Error parsing XSLT file: \xslt\FacebookOpenGraph.xslt Mark Sinclair's Blog: 26 August 2009 - Ten years is a short time in emissions reduction as well as politics
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Mark Sinclair's Blog: 26 August 2009 - Ten years is a short time in emissions reduction as well as politics

Date: 26 August 2009

Mark Sinclair is boss of leasing firm Alphabet

Imagine for a moment that your company's CEO has suddenly turned completely "green". He decrees that henceforth all fleet purchases must conform to the 95g/km of CO2 recently adopted by Government as its target for average new car emissions in 2020.

What does today's car market offer?

I'll give you a clue - you only need the fingers of two hands to count your options.

Out of 3,500 car models currently listed by the Vehicle Certification Agency, only seven emit less than 95g/km of CO2 - the target that the Government has set for the average new car in ten years' time.

Not that there is anything wrong with that. Today's market works with today's standards and driver expectations.

But, while ten years is a very long time in politics or business, it is only two or three car replacements away for a driver on a four-year company car cycle. In his or her terms, ten years becomes a very compressed timescale to make a transition that - in today's market - would mean swapping (say) a two-litre, 140bhp Ford Mondeo for a 799cc Smart Fortwo Coupé.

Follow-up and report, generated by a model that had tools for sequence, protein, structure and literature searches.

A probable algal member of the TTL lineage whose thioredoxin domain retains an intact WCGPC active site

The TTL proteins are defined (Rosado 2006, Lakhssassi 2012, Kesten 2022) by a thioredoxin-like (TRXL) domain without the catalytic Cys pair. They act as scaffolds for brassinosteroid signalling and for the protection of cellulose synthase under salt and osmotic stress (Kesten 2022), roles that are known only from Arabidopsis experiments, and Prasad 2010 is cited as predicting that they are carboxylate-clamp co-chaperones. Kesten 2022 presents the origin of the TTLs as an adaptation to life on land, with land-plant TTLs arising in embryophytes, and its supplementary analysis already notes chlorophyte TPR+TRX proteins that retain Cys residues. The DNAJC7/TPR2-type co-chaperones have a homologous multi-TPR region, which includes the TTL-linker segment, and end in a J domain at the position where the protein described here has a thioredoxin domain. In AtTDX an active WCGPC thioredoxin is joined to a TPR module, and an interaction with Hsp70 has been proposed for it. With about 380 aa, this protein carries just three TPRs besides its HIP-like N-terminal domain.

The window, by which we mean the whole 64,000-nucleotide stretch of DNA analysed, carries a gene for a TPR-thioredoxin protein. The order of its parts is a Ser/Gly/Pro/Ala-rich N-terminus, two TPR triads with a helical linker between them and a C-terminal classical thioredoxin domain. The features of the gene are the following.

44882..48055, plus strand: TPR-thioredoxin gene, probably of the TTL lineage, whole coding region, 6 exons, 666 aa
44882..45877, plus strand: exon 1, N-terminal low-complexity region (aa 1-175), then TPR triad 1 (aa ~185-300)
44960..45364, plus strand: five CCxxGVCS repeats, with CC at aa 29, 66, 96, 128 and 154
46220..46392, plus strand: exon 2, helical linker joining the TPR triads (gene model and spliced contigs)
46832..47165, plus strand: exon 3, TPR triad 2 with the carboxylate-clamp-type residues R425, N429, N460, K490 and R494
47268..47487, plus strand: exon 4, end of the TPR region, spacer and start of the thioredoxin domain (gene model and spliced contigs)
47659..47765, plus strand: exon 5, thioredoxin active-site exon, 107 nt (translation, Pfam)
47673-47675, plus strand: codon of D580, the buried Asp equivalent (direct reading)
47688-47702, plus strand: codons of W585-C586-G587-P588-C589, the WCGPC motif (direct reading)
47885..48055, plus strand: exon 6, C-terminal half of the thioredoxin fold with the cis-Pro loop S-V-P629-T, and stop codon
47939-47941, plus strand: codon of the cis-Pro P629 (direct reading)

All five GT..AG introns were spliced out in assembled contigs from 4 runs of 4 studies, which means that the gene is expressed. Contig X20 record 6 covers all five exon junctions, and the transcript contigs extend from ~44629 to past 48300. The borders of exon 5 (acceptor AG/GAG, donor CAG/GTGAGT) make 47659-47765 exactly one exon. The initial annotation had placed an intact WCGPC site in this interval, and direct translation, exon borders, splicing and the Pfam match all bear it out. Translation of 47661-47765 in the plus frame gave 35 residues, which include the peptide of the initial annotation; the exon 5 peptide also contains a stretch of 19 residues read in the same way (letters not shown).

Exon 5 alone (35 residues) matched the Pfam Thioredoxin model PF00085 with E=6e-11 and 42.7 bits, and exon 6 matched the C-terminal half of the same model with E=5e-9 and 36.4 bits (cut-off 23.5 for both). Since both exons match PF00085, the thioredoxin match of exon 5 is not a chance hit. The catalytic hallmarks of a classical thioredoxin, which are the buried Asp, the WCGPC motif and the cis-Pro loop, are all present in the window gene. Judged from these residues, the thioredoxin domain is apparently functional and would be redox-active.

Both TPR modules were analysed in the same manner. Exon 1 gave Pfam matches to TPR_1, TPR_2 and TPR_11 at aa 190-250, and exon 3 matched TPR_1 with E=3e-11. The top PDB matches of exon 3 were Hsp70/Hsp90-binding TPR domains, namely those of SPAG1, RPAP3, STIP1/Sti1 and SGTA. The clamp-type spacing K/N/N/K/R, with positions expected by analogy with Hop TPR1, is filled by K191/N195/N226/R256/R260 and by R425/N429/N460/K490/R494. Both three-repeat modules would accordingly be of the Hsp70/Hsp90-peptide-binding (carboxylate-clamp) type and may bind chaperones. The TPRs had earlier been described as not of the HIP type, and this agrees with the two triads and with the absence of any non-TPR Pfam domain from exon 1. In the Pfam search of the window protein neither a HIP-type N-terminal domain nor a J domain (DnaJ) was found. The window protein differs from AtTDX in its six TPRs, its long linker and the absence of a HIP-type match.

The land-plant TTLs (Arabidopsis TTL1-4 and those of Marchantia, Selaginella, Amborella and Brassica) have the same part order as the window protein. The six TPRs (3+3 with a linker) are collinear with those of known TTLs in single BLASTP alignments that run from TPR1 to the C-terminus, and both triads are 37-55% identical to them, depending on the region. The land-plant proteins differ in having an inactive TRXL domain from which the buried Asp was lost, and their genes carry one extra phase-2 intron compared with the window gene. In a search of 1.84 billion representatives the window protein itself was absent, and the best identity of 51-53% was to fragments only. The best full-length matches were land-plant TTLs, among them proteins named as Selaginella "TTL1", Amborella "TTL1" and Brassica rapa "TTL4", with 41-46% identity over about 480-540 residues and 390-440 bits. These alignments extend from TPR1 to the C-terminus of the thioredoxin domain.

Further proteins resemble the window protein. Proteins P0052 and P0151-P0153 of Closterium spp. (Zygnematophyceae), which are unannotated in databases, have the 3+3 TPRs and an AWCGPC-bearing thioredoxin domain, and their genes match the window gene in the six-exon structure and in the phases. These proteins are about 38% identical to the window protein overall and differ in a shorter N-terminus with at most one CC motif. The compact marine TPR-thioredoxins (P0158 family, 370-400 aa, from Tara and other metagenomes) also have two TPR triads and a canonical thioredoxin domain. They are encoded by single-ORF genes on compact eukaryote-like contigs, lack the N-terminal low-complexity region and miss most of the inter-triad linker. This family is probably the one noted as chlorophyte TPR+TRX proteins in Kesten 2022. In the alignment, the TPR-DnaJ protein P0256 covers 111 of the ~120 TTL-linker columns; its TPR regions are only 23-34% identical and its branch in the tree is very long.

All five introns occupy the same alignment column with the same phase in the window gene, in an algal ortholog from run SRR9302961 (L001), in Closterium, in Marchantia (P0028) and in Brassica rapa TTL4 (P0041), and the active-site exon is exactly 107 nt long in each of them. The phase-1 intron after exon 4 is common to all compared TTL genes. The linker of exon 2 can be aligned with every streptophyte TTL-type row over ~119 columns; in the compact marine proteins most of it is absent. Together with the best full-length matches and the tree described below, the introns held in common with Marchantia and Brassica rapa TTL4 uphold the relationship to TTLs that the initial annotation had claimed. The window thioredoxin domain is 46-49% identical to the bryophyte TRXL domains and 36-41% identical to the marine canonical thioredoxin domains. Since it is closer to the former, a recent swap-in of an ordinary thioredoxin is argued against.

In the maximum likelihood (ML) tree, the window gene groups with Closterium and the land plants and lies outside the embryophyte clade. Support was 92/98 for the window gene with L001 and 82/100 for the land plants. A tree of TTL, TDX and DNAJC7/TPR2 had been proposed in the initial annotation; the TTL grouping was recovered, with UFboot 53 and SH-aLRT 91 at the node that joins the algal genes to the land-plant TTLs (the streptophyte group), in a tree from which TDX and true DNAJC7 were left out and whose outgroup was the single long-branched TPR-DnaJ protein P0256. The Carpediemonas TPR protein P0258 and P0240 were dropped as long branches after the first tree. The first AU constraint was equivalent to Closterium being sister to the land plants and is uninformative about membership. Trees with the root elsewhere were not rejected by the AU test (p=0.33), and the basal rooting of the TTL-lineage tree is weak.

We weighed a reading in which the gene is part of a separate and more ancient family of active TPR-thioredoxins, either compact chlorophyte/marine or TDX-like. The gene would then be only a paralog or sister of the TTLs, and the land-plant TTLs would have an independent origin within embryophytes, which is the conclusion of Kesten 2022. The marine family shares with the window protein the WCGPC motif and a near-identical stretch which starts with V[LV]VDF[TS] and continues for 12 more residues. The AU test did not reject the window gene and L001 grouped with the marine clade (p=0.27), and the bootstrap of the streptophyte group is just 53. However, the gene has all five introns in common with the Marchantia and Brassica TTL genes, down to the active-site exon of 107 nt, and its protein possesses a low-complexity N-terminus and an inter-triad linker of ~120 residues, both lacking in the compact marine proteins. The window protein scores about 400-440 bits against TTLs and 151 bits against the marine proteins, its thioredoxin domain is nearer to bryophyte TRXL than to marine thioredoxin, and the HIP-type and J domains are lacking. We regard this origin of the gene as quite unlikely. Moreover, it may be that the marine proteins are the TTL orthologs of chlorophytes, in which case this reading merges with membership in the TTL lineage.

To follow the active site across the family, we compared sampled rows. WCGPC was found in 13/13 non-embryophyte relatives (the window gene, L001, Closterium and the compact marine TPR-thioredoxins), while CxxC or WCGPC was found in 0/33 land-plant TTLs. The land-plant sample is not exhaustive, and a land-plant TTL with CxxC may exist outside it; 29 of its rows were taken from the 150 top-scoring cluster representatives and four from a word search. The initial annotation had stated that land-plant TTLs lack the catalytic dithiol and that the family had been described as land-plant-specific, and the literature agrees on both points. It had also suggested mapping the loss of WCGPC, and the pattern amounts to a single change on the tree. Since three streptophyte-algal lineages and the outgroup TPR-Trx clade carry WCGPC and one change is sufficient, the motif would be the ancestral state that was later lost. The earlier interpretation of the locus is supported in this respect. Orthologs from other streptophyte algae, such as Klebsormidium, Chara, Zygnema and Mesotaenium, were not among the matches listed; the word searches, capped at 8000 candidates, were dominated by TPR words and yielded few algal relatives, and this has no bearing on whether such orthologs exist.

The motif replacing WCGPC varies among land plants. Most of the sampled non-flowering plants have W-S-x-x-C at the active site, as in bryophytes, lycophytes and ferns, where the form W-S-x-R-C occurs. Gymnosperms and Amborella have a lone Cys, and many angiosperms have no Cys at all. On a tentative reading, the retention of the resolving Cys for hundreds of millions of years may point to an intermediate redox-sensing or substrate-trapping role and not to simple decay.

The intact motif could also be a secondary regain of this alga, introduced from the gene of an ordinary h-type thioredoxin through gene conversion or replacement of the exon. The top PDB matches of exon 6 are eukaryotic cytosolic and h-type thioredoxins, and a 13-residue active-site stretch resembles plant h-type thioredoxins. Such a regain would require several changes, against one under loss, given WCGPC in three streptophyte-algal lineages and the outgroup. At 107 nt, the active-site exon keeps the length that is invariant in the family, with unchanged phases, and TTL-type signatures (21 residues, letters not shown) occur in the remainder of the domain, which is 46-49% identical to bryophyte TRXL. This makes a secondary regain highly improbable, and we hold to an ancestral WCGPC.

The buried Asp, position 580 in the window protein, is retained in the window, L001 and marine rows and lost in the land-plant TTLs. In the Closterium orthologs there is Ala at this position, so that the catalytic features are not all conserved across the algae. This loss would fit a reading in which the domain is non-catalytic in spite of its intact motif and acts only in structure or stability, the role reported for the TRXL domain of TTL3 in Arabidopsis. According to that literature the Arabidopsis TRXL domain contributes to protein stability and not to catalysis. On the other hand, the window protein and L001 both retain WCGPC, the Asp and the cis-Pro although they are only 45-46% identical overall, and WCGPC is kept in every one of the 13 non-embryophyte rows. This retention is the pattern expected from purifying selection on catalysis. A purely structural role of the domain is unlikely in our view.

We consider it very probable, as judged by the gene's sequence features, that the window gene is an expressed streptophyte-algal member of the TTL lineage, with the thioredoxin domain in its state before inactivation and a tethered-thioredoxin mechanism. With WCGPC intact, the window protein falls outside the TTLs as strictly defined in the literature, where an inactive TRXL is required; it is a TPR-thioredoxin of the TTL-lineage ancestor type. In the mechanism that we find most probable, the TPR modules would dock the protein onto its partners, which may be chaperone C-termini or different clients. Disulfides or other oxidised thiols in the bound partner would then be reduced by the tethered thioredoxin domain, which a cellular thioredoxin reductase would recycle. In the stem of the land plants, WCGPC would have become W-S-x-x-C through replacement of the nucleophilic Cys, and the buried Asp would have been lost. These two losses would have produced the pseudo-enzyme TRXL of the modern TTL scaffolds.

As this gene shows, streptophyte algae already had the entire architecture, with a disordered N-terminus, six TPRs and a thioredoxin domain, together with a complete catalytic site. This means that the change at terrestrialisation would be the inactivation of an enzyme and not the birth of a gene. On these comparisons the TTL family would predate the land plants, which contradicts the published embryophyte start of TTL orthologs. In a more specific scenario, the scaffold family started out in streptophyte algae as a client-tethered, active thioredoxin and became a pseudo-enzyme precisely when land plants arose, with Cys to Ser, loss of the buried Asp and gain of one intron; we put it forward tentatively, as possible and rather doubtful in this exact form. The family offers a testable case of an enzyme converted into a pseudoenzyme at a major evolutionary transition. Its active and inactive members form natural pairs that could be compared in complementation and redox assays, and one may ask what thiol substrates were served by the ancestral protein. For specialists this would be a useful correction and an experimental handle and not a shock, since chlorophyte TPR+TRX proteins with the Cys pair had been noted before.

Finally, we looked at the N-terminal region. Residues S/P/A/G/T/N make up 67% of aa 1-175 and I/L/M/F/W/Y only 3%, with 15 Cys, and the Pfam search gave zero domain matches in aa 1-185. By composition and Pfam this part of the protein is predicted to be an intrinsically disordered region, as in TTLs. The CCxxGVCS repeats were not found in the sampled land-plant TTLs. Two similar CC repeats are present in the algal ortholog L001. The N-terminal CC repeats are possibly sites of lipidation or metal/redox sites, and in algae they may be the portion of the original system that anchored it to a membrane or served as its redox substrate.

The contrast highlights the scale of the challenge facing the car manufacturers. In less than a decade's time they must deliver all the working qualities of a car like the Mondeo in packages with the CO2 emissions of the Smart.

The good news is that they are well on their way to succeeding. The greenest Mondeo is already down to 139g/km. And just last week, BMW cracked the 110g/km barrier in the upper medium class with its 109g/km 320d EfficientDynamics model.

With 163bhp on tap, the new 320d ED is also a far cry from the kind of small-engined, ultra-compact-sized unit that, I daresay, most drivers tend to think of as typical low carbon vehicles.

Fleets need to educate drivers on this question. Current sub-100g/km cars are still, in the main, small in not well suited to long distances. At the same time, the mass media naturally focuses on potential high tech developments in alternative engine and drive train technologies.

It's easy for drivers to stick with their existing habits and preferences in the belief that someone will come up with a 'magic bullet' solution in a few years. In fact, the Government doesn't expect electric cars, plug-in hybrids or fuel cell vehicles to start making an impact much before 2030.

The technologies that will carry fleets and drivers through to the all-sub-100g/km fleet in only another ten years are already mostly with us. At present, the actual performance cars with similar CO2 emissions vary quite widely but as time goes on customers will develop a clearer idea of what can be achieved and they will raise their sights accordingly.

The good news is that all the evidence suggests the leading manufacturers are already delivering cars with the potential to meet tomorrow's tough emissions targets with very little, if any, diminution in the dynamics that make today's conventional versions attractive to job-need and perk drivers alike.